The Recording Academy took to the Internet on Wednesday afternoon to explain its decision to reduce the number of categories to 78 for the 54th annual Grammy Awards. The producer Jimmy Jam traced the decision back to the end of the 50th anniversary celebration when he was chairman of the board of trustees.
"Neil talked during the 50th anniversary year about the next 50 years," Jam said on a live chat webcast on grammy.com that was moderated by Billboard's Gail Mitchell. "After that ended, we got to look at everything. This (change) illuminates that train of thought."
During the chat, Recording Academy president/CEO Neil Portnow, Academy VP of awards Bill Freimuth and Jam addressed a multitude of questions from Mitchell and submissions from fans using social media sites. The focus was largely on the consolidation of male and female vocal categories down to a single performance award in the rock, pop, R&B and country categories.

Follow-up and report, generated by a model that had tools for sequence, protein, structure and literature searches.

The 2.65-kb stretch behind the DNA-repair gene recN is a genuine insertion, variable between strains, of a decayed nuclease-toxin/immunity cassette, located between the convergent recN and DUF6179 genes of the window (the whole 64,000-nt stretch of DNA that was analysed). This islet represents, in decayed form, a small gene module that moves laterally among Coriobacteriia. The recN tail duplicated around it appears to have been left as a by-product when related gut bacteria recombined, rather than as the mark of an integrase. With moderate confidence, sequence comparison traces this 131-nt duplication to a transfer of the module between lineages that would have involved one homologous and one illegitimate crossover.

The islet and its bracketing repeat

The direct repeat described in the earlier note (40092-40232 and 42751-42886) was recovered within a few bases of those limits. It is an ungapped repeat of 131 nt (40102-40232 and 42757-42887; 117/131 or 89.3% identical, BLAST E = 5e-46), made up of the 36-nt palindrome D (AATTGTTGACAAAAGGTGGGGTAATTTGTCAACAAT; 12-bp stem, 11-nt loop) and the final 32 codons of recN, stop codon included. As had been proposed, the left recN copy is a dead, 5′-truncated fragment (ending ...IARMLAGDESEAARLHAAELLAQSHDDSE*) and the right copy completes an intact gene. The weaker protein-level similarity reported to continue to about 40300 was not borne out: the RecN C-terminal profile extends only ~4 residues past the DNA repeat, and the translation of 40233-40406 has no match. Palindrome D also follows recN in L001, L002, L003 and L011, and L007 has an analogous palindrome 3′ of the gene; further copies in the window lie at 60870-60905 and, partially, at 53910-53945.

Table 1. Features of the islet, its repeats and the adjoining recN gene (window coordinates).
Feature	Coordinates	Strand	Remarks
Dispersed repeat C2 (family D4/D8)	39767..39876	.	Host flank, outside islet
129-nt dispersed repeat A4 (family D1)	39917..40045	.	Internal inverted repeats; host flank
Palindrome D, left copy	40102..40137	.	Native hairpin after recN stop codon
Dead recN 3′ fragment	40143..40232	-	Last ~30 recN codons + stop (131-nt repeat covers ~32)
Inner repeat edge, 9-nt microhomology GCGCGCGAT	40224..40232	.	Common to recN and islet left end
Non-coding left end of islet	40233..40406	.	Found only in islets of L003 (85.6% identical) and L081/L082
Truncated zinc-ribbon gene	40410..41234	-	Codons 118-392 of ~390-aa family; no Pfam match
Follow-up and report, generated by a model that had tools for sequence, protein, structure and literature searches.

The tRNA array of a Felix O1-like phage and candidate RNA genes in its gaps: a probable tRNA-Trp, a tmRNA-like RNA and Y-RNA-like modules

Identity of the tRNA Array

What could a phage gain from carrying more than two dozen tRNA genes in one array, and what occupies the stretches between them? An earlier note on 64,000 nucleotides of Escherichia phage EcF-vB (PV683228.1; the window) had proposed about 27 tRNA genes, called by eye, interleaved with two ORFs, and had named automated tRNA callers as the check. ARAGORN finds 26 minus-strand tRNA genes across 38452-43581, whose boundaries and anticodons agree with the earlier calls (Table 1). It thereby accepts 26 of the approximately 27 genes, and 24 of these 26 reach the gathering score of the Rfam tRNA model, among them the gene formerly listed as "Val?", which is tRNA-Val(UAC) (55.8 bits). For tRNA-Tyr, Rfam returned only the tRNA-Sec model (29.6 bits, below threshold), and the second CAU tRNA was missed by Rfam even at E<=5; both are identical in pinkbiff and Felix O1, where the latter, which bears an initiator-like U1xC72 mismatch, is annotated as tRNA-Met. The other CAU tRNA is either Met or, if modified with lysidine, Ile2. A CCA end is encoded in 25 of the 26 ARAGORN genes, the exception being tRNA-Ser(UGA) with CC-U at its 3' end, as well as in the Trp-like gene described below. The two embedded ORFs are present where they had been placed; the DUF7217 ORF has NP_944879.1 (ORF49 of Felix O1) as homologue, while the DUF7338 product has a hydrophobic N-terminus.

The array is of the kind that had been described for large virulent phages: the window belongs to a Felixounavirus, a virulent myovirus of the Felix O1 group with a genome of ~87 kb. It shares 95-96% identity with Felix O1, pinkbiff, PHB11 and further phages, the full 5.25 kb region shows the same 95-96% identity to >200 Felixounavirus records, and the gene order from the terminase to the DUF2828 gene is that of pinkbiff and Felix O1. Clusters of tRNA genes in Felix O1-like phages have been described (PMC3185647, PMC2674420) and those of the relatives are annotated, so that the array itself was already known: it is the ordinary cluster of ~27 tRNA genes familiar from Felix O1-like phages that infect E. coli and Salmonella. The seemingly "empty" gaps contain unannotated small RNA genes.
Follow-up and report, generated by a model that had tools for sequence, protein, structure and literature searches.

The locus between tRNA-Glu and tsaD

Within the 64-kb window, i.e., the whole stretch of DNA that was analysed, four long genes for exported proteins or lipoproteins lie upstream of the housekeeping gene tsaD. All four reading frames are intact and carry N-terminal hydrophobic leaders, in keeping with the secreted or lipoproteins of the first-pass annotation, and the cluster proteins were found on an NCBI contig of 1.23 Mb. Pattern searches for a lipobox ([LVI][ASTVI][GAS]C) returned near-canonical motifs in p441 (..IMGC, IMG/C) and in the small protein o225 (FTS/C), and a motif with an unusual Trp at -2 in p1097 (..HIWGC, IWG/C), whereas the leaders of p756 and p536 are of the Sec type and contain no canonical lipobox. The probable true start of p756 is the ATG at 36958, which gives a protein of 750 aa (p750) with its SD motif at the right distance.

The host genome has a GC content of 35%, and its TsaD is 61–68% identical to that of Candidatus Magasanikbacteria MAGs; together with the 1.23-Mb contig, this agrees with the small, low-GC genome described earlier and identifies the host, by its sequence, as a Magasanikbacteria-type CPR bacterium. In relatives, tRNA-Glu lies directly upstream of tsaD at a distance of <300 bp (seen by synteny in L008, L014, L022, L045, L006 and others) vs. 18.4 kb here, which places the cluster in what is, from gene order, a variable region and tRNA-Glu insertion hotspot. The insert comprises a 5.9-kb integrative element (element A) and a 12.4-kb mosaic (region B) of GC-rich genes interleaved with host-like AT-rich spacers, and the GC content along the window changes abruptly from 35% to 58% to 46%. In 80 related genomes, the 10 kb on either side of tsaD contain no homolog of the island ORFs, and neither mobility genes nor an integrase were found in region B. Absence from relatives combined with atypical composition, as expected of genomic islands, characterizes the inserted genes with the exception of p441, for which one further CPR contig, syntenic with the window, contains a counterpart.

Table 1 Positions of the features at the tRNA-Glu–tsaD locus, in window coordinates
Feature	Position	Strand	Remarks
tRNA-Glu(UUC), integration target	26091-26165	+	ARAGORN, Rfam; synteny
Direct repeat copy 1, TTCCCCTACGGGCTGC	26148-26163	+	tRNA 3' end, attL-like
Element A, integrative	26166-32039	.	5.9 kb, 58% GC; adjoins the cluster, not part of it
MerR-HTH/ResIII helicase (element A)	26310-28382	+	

"Many of the core categories were created 50 years ago," Freimuth said, "and we speculated that the distinction was because females had a much rougher time in the music industry. So they were partially created to give women a leg up in the industry. … It's certainly better than it was so we have erased an artificial (distinction)."
Noting that the four general categories have never been gender specific, Jam said, "I think it's exciting that, let's say Alicia Keys is against Usher. I think that's pretty cool. It's the best of the best of the best, which should make for an exciting show and exciting competition."
Gender designations, Portnow said, "are not necessarily appropriate nor even necessary. A singer is a singer is a singer."
All three said the change will make the award more coveted now that fewer will be handed out, and they still expect the number of submissions to top the 20,000 that came in for the 53rd edition of the music industry awards.
None of the changes stemmed from recent brouhahas over wins by Arcade Fire and Esperanza Spalding nor the ineligibility of Lady Gaga as a new artist, Portnow said.
"I'm very proud that Arcade Fire was the recipient of the album of the year award," Portnow said. "It shows our membership is thoughtful about the music."